Project proposals are reviewed twice a year and included in the AOP workplan if justified. Browse the list of projects already in the workplan.


Process for the development and review of AOPs at OECD

The AOP development and review process is illustrated below. 

 The AOP development Programme is overseen by the Extended Advisory Group on Molecular Screening and Toxicogenomics (EAGMST)

The AOP review process

The AOP development Programme is overseen by the Extended Advisory Group on Molecular Screening and Toxicogenomics (EAGMST). EAGMST members are nominated by their National Coordinators; they play an active role in the development of AOPs, as well as in the internal review and approval process.

The review process is split in two phases, an internal review and an external review, followed by endorsement by the Working of the National Coordinators of the Test Guidelines Programme (WNT) and by the Task Force on Hazard Assessment (TFHA), and ultimately, the publication of AOPs in the OECD Series on AOPs. The publication in the OECD Series does not preclude the publication by authors of the AOP in the scientific literature. The main objective of the internal review (conducted within the EAGMST, by EAGMST members) is to check compliance of the AOP structure and content with the User's Handbook and guidance principles, while the objective of the external review is to assess the scientific/technical content of the AOP. The external review is conducted by experts not involved in the development of the specific AOP, who have scientific expertise in the hazard area/endpoint covered by the AOP.

There is an annual cycle of the AOP reviews; the internal reviews generally take place between February and April, while the external reviews are generally organised between September and December. The work plan contains more than 100 AOPs, most of them are currently under developemnt, while some are in a review cycle. With the increased number of AOPs being developed, individual AOPs will naturally form networks,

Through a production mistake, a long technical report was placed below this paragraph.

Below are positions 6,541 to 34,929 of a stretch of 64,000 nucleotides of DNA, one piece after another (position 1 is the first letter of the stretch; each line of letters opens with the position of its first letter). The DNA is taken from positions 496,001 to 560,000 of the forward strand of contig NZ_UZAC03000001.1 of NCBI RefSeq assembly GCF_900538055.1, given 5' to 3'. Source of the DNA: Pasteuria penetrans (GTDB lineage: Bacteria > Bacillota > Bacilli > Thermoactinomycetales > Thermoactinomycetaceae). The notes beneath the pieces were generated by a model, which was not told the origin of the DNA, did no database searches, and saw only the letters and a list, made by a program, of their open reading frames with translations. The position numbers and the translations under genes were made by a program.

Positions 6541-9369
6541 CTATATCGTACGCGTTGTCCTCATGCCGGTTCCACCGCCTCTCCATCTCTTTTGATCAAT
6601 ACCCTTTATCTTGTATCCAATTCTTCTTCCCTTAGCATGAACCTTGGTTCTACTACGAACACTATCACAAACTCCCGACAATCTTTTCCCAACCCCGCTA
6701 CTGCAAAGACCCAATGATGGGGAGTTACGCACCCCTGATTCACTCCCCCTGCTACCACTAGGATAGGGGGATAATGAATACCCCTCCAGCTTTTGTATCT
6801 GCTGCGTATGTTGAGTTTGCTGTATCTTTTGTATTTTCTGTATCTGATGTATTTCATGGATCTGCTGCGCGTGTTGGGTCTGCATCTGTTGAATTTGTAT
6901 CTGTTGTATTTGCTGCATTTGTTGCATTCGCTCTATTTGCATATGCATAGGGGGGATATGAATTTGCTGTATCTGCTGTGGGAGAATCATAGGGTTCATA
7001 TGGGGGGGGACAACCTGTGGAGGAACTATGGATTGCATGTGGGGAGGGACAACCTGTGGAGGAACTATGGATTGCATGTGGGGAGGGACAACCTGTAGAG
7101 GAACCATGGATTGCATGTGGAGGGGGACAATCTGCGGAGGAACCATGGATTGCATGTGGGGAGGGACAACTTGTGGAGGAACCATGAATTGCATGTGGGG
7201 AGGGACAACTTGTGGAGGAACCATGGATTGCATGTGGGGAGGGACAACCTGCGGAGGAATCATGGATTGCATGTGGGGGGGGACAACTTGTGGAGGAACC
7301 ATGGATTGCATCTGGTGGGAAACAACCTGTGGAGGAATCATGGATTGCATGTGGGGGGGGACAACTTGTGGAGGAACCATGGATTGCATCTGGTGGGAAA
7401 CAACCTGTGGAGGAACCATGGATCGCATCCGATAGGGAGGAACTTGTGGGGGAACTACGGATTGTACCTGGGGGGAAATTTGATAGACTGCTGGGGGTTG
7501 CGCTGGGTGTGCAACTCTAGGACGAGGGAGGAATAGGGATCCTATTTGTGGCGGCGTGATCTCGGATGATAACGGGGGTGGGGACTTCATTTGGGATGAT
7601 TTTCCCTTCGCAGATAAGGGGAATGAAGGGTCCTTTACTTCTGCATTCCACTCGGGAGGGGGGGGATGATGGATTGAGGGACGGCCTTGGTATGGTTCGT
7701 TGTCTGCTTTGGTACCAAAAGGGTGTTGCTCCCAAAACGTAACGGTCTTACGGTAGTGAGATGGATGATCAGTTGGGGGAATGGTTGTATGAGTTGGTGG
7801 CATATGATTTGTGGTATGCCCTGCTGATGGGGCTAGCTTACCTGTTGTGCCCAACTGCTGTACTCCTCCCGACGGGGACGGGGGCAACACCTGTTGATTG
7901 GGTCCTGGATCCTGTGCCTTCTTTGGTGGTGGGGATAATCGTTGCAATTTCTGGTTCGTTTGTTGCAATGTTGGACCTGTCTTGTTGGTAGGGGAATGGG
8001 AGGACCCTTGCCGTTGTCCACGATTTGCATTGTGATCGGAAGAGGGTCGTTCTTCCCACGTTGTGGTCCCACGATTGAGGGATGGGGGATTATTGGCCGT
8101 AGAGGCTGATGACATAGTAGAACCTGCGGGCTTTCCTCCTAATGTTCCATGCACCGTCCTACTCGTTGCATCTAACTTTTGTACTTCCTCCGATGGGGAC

with some AOPs sharing Key Events (KE) and Adverse Outcomes (AO). Forming AOP networks of intersecting and interacting KEs and Key Event Relationships (KERs) may ultimately prove critical for the robustness of prediction of AOs.

AOP Knowledge Base

The AOP Knowledge Base (AOP KB) is a web-based platform which aims to bring together all knowledge on how chemicals can induce adverse effects, therefore providing a focal point for AOP development and dissemination. The project is jointly led by the OECD, the U.S. Environmental Protection Agency and the European Commission's Joint Research Center.

    • The first AOP KB module is the AOP Wiki: an interactive and virtual encyclopaedia for AOP development. It is structured in accordance with the original OECD "Guidance document and a template for developing and assessing adverse outcome pathways" (Series No. 184, Series on Testing and Assessment) and the more recent Handbook for AOP developers. The Wiki provides developers the necessary steps to capture the scientific information in a user-friendly manner.

    • Another AOP KB module is Effectopedia, especially adapated for the development of quantitative AOPs. Effectopedia is a knowledge aggregation and modeling platform designed for collaborative development and utilisation of AOPs. Originally built as a standalone project, Effectopedia is currently integrated as part of AOP KB. Effectopedia has a visually expressed modular structure providing summary information, containing a visual structure of the AOP, supporting the display of experimental data and offering the possibility to visualise response to response relationships between successive key events. This design places it at the forefront of AOP research, helping industry, governments and regulatory agencies to make toxicological predictions while simultaneously keeping the information open and accessible to the public. The first quantitative AOP examples are currently being developed in Effectopedia. It is expected that a downloadable version will be released at the end of 2016, followed by the development of an on-line version in 2017.